Bournemouth Borough Council Housing & Communities Directorate Case Study
Bournemouth Borough Council is the local authority for Bournemouth, Dorset. Bournemouth is fortunate enough to have retained a Direct Labour Organisation (DLO) and has its 120 of its own directly employed trades staff, 12% of which are apprentices. The service is very well regarded and has one of the highest repairs tenant satisfaction ratings in the country, looking after 5500 council and leasehold properties.
The Housing and Communities directorate maintains and develops the council’s corporate buildings and undertakes large scale refurbishment and construction projects in the public and private sector (through Seascape South). Any surplus made is re-invested into council services. Recent projects include a new build café development at Durley Chine that won a national LABC excellence award, the refurbishment of a 40 bed care home in Boscombe and an overnight beach hut development in Southbourne.
Bournemouth has always prided itself on having a commercial outlook, balanced with community, employment and social objectives. To meet demand, they have had to ensure business continuity whilst improving efficiency and productivity. The Bournemouth & Poole College and their Apprenticeship programme has proved to be a vital part of the council's continuous improvement.
The Housing and Communities Directorate has worked with The College for a number of years and has long been an advocate of Apprenticeships. Each year they take on a variety of apprentices from Business Administration through to Carpentry, with eight new apprentices employed within the trades in the 2016 intake alone.
Employing apprentices ensures that they get the best workforce for the future and enables them to plan for employee progression. It also allows them to train apprentices to their way of working, right from the beginning.
Being the area’s leading Apprenticeship provider, The College has worked closely with the department to develop their Apprenticeship programme. Once key skills or areas for development are identified The College tailors their service to ensure these are met. Each year they utilise The College’s free recruitment service to draw up shortlists for each role and candidates are pre-screened prior to being put forward for interview.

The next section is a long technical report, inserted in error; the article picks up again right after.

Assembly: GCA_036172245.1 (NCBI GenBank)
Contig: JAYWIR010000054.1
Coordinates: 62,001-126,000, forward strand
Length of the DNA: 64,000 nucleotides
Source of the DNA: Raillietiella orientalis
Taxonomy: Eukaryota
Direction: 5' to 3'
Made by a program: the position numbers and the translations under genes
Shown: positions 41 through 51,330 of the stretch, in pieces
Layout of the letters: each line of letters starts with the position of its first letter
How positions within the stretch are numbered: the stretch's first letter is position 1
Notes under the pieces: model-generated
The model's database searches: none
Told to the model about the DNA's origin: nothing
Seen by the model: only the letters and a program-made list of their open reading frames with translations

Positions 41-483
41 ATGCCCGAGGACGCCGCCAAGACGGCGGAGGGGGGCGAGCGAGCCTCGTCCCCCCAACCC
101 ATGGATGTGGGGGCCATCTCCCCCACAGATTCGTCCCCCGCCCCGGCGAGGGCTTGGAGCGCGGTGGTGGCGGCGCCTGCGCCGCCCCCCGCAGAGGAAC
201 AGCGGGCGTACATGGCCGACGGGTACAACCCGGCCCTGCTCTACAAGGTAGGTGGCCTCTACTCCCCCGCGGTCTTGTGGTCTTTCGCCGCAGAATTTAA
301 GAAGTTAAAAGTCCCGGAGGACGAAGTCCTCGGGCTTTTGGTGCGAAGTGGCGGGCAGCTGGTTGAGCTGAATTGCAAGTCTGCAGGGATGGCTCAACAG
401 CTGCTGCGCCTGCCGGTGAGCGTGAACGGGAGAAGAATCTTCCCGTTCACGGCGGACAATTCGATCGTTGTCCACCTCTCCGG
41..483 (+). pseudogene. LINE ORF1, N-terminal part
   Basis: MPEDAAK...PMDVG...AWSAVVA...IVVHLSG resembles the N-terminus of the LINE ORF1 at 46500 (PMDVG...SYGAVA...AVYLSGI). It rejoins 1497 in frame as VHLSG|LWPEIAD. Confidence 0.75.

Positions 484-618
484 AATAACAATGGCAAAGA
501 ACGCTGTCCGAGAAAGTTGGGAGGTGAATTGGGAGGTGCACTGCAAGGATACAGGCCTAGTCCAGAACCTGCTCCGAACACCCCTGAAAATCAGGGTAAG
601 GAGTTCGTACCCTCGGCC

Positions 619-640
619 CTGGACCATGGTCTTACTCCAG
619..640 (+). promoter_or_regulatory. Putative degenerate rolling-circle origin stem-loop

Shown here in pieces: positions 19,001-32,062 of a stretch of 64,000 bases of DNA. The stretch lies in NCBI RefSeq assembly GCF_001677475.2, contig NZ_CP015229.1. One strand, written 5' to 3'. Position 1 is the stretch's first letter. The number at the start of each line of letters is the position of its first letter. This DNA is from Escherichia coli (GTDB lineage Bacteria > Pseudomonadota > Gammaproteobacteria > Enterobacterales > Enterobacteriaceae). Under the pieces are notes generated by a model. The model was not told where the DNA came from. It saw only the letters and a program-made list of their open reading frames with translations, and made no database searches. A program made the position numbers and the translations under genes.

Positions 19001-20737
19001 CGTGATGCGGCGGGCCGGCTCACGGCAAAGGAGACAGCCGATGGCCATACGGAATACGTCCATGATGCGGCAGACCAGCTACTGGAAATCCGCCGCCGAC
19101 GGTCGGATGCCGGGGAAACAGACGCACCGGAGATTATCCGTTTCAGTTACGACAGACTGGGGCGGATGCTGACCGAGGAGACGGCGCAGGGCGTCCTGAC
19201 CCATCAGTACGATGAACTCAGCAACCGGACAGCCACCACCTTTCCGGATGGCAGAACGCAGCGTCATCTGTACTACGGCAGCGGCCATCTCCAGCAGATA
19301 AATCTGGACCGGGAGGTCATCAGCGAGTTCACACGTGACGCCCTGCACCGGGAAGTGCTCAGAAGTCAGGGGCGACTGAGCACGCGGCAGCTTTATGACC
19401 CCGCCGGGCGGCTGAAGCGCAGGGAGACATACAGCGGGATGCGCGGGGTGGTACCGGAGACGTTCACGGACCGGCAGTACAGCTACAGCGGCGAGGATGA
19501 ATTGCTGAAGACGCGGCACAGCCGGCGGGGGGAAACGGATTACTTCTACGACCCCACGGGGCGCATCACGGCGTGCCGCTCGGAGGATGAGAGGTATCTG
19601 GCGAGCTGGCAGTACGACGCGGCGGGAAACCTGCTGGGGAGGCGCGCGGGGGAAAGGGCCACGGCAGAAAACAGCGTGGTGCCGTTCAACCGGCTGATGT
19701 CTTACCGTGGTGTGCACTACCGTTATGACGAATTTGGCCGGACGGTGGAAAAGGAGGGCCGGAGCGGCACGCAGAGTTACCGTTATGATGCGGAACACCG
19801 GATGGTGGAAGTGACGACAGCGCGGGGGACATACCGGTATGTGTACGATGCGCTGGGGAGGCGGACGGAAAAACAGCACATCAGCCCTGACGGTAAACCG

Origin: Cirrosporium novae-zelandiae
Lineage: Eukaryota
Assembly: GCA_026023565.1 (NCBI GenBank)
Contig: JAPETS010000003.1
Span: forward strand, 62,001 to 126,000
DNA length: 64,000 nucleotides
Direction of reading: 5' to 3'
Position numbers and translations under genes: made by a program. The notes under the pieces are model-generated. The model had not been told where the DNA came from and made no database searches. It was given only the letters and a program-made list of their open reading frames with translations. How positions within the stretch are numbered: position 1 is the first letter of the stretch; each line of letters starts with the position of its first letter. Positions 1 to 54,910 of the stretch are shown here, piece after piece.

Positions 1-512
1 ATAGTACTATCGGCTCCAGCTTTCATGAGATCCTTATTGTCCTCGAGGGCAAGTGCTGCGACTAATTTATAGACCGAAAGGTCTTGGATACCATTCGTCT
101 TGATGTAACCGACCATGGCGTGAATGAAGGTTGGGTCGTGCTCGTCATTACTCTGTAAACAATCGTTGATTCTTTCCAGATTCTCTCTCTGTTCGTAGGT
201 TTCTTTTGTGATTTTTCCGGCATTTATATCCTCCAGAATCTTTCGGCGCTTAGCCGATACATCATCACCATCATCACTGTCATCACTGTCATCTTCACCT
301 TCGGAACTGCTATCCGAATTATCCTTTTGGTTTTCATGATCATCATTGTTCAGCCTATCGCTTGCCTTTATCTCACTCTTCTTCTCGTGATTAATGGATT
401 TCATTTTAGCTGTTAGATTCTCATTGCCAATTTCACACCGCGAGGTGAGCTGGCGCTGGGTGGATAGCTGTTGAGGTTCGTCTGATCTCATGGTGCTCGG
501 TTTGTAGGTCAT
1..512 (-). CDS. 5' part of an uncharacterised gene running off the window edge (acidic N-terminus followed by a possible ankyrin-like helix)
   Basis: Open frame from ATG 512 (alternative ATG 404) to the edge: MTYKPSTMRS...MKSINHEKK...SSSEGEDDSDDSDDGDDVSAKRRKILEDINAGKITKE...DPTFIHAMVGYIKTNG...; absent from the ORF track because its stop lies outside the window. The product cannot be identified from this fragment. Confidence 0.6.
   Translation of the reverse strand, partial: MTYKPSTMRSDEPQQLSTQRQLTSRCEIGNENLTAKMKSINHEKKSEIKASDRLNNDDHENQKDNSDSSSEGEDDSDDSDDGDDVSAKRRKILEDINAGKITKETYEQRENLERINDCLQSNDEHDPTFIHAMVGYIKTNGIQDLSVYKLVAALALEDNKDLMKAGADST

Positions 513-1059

Apprenticeships have delivered many rewards over the years, not least, bringing the department's overall costs down and allowing them to remain commercially competitive. However, that is far from the only benefit; apprentices have had a positive effect on the overall dynamic of the department, bringing in new ideas and perspectives. In mentoring an apprentice, established trades staff take a fresh look at day to day tasks and also develop skills in training and supervision. Apprentices have brought a new dimension to the business; modern technology will form a vital part of future productivity and efficiency improvements, such as their current mobile working project, often in these situations apprentices become mentors themselves to less technologically proficient staff!
They have found that during their first year of an Apprenticeship an apprentice is often simply learning, but by their second and third year they will have grown in confidence and are really contributing to the business. An apprentice’s innovative attitude can bring positive change to their teams and once qualified they can cherry pick the very best staff to become permanent members of their future workforce. It simply makes good business sense.
The College has been able to find suitable candidates to fill the department's vacant positions and each trade has a dedicated supervisor who liaises with them, which ensures excellent two-way conversation and support. That close communication allows them to know exactly how well their apprentices are progressing and ensures that any problems are nipped in the bud early on.
"It is important for us that we continue to recruit apprentices to meet the needs of our business. This will never be more important than with the Apprenticeship reforms due to be introduced.
Our country is going to go through a period of change as we re-evaluate our relationship with Europe and the rest of the world. We need to make sure that we train our young people to have the skills we need and to a good standard. It is important to invest in our communities and in our workforce to make sure that we are continually improving and innovating. Part of being a community employer is working with local training providers and students to create real opportunities and bring about changes that matter.
We have been impressed with the support and communication with The College. Over the years we have been able to draw on their industry specific knowledge and access a talent pool that would not have been available to us otherwise. Equally, where we have put forward candidates that we wanted to provide opportunities for, such as Looked After Children, who have sometimes needed additional help and support, the College have helped to provide a tailored service.
If you’re considering Apprenticeships for your business, do it. In terms of business continuity, increasing efficiency and investing in your local community, they are second to none."